May 7, 2012
- Afghan residents condemn NATO air strikes and civilian deaths
- US restarts military trial for five Guantanamo detainees accused of planning 9/11 attacks
- In Russia, protests and arrests mark beginning of Putin’s third presidential term
- Years after attacks, some Gazans find homes, others are left searching
Syrians vote in multiparty elections as violence continues across the country
Some voters in Syria are going to the polls today, while according to the Local Coordinating Committees violence continues in cities across the country. Dozens of people were reportedly killed Saturday, at least another 20 on Sunday. Opposition groups are calling for electoral boycotts, saying the process a sham. Louay Safi is a spokesperson for the Syrian National Committee. “How can you hold elections when half of the country is fighting and the military are bombarding towns and cities.” The vote is under new constitutional rules that allow multiple parties – the first in 40 years – but they can’t be ethnically, religiously or professionally centered. Oxford Syria expert Alan George explains the effect. “That automatically excludes the largest political forces in Syria. Particularly the the Muslim Brotherhood, which is likely to do well in any free and fair election, as it did in Egypt. That alone eliminates the possibility of this election being genuine.” It’s unclear how many people have died in the last 14 months of uprising. Estimates range from 9 to 14 thousand with as many as 15 thousand more missing.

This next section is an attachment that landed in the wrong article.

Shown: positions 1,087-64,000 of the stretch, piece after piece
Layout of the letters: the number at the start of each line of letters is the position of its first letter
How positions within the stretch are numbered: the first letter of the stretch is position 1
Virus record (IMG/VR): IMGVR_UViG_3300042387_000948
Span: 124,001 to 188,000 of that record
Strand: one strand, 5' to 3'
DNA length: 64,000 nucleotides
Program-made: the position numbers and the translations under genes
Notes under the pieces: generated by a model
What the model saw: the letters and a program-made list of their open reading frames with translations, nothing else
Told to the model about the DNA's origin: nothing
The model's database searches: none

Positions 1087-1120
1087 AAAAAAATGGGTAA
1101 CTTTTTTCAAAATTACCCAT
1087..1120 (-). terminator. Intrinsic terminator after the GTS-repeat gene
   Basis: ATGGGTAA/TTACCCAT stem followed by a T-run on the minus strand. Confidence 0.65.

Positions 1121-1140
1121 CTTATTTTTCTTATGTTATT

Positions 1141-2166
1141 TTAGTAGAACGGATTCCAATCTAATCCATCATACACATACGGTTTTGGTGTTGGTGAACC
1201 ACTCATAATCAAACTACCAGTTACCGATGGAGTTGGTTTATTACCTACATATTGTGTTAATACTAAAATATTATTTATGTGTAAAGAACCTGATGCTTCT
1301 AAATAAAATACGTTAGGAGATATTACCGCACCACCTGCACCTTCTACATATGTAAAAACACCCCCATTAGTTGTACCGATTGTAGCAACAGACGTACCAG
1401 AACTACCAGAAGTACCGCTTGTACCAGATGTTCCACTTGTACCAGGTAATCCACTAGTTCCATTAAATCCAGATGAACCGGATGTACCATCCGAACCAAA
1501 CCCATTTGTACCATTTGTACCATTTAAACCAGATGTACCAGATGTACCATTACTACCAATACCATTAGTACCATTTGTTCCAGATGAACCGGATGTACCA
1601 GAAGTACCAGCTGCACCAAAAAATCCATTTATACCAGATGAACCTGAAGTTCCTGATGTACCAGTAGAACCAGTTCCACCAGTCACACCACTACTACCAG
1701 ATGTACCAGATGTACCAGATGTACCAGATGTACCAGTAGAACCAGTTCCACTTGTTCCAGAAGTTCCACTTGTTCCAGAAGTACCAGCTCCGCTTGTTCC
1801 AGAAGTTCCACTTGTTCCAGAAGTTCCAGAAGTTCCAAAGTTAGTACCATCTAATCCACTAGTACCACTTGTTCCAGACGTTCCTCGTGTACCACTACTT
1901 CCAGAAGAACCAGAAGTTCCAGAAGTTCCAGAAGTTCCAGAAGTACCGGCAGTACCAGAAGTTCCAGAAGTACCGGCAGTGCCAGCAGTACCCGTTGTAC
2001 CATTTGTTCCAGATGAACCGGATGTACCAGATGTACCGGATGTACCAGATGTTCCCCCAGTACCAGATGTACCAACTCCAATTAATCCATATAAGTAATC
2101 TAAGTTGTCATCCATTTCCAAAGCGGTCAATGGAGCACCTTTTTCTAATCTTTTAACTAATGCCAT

Socialist François Hollande wins the French Presidency
French president Nicholas Sarkozy was defeated yesterday by socialist party leader François Hollande. Khaled Sid Mohand reports from Paris.
Driven by the far right wing of his party, Nicholas Sarkozy seems to have lost credibility with center-right voters frightened by his anti immigrant and anti Muslim rhetoric. His 58-year-old challenger François Hollande has never held a government post at a national level and is a man of consensus and moderation – in sharp contrast with Sarkozy’s flashy personality. Throughout the campaign, Hollande has opposed an austerity based financial policy, and vows to open negotiations with the European Union focusing on economic growth and job creation. On foreign policy, the president-elect said he will pull French troops out of Afghanistan by the end of the year, and will only intervene in foreign countries under a UN mandate. Khaled Sid Mohand, FSRN, Paris.
Prominent human rights activist jailed in Bahrain